L Brands Looks to Brighter Future Amid Sales Declines
The Victoria’s Secret operator was hit by dismal sales early in the year and it’s seeing some fallout after pulling swim and apparel, but it's keeping positive on growth potential.
With sales and profits down, L Brands is focusing on “future growth.”
Executive vice president and chief financial officer Stuart Burgdoerfer said during a call with Wall Street analysts that February, when comparable-store sales at Victoria’s Secret fell 20 percent, was “particularly challenging” for the company. But he pointed to the positive momentum seen in March and April before recommitting to L Brands’ plan for 10 percent growth in operating income for the year.
The company on Wednesday reported first-quarter net income of $94.1 million, which compared with profits of $152.3 million a year ago. Consolidated sales declined 7 percent to $2.4 billion as comparable-store sales dropped 9 percent.
In order to succeed in its plan for 10 percent income growth, Burgdoerfer said L Brands “will continue to focus on the things we can control and manage inventory, expenses and capital spending with financial discipline.”
While Burgdoerfer admitted that last year’s decision to “streamline” the Victoria’s Secret business, namely by exiting swimwear and apparel, “will continue to put pressure on results in 2017,” he said those moves are “providing the platform for future growth.”
Commenting on the quarter’s challenges, Bath & Body Works chief executive officer Nicholas Coe said the L Brands ability to “get back into positive territory” after February, despite continuing sales declines, “really proves the agility that we have.”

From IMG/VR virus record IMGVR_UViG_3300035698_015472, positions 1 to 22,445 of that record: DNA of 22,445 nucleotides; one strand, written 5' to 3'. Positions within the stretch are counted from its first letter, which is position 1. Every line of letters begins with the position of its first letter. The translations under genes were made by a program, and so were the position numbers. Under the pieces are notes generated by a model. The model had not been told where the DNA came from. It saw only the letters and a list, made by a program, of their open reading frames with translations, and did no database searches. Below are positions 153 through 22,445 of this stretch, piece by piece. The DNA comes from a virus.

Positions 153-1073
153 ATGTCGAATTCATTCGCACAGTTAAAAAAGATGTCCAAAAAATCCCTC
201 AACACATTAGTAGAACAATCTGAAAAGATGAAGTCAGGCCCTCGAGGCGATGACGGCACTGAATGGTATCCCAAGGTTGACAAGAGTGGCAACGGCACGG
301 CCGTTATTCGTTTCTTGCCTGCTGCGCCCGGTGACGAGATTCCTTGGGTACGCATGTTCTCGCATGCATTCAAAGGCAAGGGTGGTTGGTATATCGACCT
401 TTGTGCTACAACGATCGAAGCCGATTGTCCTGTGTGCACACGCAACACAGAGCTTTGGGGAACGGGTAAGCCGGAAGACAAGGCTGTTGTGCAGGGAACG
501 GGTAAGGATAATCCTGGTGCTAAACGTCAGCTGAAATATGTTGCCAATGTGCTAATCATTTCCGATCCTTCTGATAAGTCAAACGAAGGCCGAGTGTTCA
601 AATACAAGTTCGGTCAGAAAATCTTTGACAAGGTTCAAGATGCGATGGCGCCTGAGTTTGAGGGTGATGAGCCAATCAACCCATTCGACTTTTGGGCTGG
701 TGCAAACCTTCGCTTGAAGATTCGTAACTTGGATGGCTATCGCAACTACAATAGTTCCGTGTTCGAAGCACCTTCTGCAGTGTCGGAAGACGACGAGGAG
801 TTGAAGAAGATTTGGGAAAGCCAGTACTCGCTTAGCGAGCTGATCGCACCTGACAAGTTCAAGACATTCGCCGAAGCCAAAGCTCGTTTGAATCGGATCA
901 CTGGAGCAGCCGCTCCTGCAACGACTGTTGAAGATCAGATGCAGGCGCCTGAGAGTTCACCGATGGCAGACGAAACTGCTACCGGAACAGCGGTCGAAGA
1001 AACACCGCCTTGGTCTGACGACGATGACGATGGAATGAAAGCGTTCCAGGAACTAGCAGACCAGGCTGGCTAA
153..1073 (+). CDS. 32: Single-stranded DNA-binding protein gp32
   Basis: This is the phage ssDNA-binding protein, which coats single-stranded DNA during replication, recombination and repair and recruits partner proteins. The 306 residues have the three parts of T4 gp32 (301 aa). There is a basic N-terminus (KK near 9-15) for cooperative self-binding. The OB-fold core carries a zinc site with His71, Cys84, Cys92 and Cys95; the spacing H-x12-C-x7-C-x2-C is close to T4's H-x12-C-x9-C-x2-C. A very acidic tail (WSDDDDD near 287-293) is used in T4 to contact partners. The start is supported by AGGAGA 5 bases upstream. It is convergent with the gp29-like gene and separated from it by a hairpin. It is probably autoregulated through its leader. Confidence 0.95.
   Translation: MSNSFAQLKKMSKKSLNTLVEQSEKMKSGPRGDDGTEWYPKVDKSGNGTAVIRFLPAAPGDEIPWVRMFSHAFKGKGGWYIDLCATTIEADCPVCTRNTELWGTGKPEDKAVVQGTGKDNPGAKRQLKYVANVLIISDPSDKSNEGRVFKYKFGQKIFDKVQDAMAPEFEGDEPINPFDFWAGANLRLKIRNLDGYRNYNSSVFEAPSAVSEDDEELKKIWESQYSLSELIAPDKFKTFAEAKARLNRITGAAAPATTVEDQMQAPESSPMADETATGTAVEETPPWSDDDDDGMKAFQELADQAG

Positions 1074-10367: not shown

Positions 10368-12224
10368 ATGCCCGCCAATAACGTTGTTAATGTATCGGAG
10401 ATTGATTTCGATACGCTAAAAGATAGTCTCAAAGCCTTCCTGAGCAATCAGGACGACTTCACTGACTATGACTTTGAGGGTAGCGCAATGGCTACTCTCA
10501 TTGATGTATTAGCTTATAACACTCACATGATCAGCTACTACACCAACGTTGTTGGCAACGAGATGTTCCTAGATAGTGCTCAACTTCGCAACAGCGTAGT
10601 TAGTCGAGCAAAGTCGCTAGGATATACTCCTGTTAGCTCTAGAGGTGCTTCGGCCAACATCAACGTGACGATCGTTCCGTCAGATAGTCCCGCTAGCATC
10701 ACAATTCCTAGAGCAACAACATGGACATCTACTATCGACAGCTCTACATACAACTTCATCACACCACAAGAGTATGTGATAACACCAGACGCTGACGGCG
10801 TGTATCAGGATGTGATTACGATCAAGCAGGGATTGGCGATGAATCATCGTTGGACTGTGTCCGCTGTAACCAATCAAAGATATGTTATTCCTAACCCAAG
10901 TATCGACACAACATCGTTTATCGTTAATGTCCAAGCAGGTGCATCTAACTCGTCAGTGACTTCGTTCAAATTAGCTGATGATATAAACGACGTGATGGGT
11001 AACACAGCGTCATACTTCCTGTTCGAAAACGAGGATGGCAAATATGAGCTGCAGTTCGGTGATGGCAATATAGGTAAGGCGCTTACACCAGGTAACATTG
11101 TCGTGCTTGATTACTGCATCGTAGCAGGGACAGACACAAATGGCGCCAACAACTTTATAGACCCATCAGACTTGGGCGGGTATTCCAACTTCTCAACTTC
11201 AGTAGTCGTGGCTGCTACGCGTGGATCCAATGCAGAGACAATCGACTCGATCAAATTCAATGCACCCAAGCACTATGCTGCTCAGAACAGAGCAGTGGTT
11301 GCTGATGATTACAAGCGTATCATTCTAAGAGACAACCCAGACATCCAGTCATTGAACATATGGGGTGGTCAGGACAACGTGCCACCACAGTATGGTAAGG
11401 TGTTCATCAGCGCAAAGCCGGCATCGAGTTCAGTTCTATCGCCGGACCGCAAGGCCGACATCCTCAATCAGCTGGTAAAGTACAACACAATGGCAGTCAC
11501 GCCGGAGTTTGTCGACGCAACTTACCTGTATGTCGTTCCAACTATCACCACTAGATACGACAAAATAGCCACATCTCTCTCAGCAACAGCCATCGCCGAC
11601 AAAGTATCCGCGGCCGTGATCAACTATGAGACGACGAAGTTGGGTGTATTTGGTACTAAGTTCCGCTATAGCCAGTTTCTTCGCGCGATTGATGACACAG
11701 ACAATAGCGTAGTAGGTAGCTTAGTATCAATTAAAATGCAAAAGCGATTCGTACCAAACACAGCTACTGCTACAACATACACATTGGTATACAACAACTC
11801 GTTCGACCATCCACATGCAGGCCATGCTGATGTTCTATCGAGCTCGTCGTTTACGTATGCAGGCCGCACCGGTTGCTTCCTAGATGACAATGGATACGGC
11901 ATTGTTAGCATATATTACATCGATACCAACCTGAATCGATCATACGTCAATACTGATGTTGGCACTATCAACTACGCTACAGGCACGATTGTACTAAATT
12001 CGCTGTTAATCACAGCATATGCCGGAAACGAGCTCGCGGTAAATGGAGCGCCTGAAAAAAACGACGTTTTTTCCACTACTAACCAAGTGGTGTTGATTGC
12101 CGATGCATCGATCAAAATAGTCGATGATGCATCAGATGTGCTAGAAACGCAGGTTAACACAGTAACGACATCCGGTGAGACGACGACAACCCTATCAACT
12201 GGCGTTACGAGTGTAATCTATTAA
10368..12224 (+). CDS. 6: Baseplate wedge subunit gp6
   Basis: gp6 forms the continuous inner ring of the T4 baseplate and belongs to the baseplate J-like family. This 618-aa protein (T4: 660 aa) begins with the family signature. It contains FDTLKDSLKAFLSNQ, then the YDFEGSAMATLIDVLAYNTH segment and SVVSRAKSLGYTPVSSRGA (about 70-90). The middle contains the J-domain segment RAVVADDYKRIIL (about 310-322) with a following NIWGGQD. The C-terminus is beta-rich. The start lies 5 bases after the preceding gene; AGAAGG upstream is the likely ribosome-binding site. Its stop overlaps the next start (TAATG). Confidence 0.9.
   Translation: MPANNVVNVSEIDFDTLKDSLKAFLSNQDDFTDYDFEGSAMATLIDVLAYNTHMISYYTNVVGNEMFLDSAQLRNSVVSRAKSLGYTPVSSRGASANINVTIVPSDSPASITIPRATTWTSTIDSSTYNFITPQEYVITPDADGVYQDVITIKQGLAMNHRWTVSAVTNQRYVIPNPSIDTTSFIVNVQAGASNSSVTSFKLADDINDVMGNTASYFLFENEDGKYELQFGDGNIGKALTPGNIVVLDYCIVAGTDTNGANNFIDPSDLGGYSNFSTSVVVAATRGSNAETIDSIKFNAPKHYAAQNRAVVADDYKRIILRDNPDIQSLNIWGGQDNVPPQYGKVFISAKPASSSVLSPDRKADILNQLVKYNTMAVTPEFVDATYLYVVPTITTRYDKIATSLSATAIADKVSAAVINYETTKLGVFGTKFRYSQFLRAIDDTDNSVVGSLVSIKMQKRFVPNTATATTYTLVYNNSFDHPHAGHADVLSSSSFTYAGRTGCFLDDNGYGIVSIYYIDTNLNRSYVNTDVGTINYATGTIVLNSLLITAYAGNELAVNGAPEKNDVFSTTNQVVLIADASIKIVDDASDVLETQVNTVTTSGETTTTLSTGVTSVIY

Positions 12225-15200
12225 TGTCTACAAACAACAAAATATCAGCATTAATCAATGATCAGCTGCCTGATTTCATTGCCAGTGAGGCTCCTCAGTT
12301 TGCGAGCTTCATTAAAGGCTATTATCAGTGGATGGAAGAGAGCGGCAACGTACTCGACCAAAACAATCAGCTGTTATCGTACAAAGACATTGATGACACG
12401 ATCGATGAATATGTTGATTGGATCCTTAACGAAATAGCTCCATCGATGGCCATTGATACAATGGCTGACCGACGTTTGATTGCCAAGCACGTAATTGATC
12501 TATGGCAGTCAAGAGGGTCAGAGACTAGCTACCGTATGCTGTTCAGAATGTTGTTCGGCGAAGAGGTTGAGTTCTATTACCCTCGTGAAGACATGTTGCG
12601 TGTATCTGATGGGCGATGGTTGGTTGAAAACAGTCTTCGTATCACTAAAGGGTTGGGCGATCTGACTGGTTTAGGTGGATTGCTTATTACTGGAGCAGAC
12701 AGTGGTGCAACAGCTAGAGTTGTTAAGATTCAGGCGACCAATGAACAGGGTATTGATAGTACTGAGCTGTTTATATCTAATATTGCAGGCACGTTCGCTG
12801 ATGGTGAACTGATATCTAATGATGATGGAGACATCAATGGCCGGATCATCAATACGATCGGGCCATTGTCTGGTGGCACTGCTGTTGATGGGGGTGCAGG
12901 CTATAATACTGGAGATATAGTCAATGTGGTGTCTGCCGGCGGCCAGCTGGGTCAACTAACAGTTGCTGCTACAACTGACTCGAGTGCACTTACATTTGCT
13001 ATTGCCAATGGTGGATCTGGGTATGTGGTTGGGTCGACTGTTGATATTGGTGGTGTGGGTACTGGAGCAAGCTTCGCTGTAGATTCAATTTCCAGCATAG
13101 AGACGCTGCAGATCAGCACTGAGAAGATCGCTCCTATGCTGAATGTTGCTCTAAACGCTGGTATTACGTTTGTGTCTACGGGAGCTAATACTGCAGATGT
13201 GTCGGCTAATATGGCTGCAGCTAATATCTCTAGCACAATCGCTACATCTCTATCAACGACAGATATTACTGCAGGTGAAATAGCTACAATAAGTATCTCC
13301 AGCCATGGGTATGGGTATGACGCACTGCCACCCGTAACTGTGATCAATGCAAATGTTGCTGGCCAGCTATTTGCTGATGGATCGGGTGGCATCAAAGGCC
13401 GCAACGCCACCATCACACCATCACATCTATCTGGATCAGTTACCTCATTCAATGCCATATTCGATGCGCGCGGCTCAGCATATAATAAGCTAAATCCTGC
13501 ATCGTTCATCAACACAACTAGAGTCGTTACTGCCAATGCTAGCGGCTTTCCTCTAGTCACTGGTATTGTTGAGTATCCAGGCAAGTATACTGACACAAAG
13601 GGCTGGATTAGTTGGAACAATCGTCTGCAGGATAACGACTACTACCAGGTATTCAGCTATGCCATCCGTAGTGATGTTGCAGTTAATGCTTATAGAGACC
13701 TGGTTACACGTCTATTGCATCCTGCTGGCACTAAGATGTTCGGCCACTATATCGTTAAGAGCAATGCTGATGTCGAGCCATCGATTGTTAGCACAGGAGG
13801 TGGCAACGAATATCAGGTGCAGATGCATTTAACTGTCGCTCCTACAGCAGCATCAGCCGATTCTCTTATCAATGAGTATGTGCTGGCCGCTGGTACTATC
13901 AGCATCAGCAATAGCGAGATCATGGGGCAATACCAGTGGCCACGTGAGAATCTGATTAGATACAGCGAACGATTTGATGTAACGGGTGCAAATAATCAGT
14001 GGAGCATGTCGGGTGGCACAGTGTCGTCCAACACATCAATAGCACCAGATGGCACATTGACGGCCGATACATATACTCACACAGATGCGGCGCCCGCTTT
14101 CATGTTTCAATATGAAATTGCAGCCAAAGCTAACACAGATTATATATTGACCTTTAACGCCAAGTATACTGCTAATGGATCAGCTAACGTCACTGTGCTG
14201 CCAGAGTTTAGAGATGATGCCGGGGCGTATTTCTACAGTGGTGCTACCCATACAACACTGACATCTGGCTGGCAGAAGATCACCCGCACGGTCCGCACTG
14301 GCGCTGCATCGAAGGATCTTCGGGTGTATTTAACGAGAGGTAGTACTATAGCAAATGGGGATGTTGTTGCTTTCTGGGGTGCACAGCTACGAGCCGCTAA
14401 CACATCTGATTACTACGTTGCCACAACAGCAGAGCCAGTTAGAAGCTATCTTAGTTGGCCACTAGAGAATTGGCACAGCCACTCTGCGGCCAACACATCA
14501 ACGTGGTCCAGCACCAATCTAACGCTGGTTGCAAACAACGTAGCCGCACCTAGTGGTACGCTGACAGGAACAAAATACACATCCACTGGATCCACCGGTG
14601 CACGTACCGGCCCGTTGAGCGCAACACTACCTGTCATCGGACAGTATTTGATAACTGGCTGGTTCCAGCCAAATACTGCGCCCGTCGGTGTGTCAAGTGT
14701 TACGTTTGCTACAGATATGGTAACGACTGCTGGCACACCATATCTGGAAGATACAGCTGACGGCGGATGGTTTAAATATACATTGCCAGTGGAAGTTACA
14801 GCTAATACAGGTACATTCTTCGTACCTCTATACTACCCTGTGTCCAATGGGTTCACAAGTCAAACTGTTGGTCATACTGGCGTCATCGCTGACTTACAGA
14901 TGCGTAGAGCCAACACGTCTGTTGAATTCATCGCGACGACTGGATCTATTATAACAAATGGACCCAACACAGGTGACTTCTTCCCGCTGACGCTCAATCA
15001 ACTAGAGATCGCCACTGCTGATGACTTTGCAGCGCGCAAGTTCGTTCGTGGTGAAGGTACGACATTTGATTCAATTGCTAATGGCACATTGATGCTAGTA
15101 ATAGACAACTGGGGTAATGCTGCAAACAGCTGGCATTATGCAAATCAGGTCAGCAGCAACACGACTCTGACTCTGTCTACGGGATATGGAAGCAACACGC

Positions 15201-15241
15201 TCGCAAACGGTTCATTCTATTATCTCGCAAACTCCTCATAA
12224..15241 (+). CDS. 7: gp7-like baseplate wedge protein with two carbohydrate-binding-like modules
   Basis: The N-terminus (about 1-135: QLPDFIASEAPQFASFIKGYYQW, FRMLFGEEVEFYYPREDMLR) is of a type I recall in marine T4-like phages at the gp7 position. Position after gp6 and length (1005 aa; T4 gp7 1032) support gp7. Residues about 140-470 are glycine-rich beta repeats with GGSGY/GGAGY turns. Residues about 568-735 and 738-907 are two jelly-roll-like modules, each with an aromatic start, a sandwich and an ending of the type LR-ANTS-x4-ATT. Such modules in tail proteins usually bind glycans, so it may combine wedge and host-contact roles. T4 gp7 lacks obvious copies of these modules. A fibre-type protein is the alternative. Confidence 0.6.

As for the 8 percent drop in earnings, which fell to 33 cents for the quarter compared with 52 cents a year earlier, Coe said that was mostly due to increased occupancy costs related to further investment in stores.
“[The first quarter] has been one of the most aggressive testing periods for us, it’s really given us insights into how we think we ought to manage the business, how we think we ought to manage the brand as we continue to move…forward,” Coe said during the call. “We feel good about the direction of our product assortments.”
L Brands’ president of international, Martin Waters, hedged less when discussing business outside of the U.S., saying “there is a continuation of some challenges of 2016 in the first quarter” and that operations in the Middle East and Turkey are generally “difficult.”
Bath & Body Works “did very well” in the U.K., however, and Waters said “we continue to be bullish about growth opportunities in China and around the world.”
L Brands also raised its full-year earnings outlook to a high of $3.40 from $3.35 despite expectations of comp sales showing an overall decline in the low-single digits.
However, excluding the continued negative impact of the company’s decision to pull swimwear and apparel from Victoria’s Secret and step away from its catalogue business, management noted that go-forward business categories should see flat to slightly positive sales trends.
Wall Street took this, as well as the increased earnings outlook, as a good sign, and sent L Brands’ shares up 5 percent during the morning to $50.50.
Wells Fargo senior analyst Ike Boruchow noted the improvement in L Brands sales throughout the quarter and said it “should give investors some confidence in current trends.”
“All in, this is a fairly bright outlook given the pressures the business has seen over the past several months, and if achieved, could signal a turnaround for the company,” Boruchow added.
Similarly, Baird analyst Mark Altschwager said he’s “encouraged” by the guidance for core operations during the second quarter, but admitted “many pieces still need to come together amid a volatile and increasingly competitive backdrop.”
“We remain on the sidelines today, but continue to warm to L Brands on its back-half recovery potential,” Altschwager added.